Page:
Saba Capital: A Case Study in Closed-End Fund Activist Motivations
From October 2021 to April 2023, Saba steadily increased their holdings in Center Coast MLP & Infrastructure Fund (CEN), a closed-end fund energy fund. Saba first revealed a 6.86% holding in CEN in October 2021 and peaked at 24.45% of the fund in August 2022. Having built a significant position, Saba filed a 13D/A in February 2022, nominating two independent trustee candidates to challenge the incumbent trustees at CEN's shareholder annual meeting.
The plot thickened in September 2022, when CEN's adviser, Brookfield Public Securities Group LLC, the Board, and Saba reached a pivotal agreement. Key terms included Saba holding back on board nominations, orchestrating a special election in 2023, and orchestrating Class II Trustee resignations under specific conditions. Post-agreement, Saba's CEN ownership dipped to 23.09% as per an April 14, 2023 13D/A filing.
Why would Saba agree to this deal with Brookfield and CEN when they owned a commanding position in the fund? It’s easy to understand why Brookfield and the CEN board would not have wanted to engage in a costly proxy fight with Saba, but an activist’s motivations to settle are not always clear, especially when we’ve seen Saba’s recent actions tilted towards taking over CEFs including the Voya Prime Rate Trust in 2021 and the Templeton Global Income Fund last year.
Because Saba has pursued this new strategy recently doesn’t mean that they have abandoned other less-costly strategies to achieve an economic gain. At the end of the day, all activists are looking for a generous return on their invested capital. When Saba first purchased shares in CEN, the fund was trading at an 18.7% discount to its NAV value. Today that discount has fallen to only 6.39%, well below the 15.33% discount at which CEN’s peers are trading.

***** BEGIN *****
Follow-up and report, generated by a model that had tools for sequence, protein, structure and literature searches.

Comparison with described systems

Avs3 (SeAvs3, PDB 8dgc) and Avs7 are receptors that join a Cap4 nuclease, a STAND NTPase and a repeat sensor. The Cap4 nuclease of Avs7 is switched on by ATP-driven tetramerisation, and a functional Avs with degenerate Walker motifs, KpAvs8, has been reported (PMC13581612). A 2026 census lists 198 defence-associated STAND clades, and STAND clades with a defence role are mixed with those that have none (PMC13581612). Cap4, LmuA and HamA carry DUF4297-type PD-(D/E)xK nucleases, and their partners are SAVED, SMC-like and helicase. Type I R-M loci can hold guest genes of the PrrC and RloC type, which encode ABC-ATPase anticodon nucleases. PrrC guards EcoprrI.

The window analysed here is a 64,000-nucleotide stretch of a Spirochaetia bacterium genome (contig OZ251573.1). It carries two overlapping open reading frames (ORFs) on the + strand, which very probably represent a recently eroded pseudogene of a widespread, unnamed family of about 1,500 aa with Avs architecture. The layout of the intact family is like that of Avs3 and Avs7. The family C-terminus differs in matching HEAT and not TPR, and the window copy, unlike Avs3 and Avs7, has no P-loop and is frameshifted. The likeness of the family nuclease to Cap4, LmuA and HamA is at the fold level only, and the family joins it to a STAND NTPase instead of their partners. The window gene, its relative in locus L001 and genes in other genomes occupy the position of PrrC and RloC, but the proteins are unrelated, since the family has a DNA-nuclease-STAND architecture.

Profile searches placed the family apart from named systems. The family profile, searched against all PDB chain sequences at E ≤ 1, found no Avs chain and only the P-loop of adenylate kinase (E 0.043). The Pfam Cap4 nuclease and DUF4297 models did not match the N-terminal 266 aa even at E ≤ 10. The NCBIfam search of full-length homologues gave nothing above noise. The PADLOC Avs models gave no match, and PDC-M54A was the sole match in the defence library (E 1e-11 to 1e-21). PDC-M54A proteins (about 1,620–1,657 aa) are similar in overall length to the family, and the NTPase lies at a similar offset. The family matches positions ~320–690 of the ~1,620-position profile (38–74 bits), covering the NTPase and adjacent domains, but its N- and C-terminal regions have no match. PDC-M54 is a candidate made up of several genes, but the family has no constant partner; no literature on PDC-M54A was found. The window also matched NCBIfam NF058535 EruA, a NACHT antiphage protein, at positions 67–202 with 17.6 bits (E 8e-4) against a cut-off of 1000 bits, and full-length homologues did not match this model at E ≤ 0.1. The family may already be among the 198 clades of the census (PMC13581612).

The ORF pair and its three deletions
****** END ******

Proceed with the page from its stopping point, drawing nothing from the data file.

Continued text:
Quick back-of-the-envelope math indicates that Saba could have an unrealized gain so far of ~18% on the $20.5M they invested in CEN’s shares between September 2021 and May 2022. Obviously, holdings may have fluctuated during that period, so we don’t know what their actual profit is. Regardless, this is a healthy return during an inflationary bear-market period – especially considering the only incurred cost was filing for two board nominees. That filing then stimulated the market response that closed the discount substantially. This type of return would have been impossible to replicate in any other asset class during this period.
Yes, Saba has introduced new tactics into the CEF marketplace taking over existing funds, but don’t lose sight of the fact that they are still rational economic actors looking for the shortest and cheapest path to an easy profit.
Morrow Sodali Fund Solutions publishes Our Views on the News to keep tabs on developments in fund governance and activism and shares those insights with fund managers and their advisors.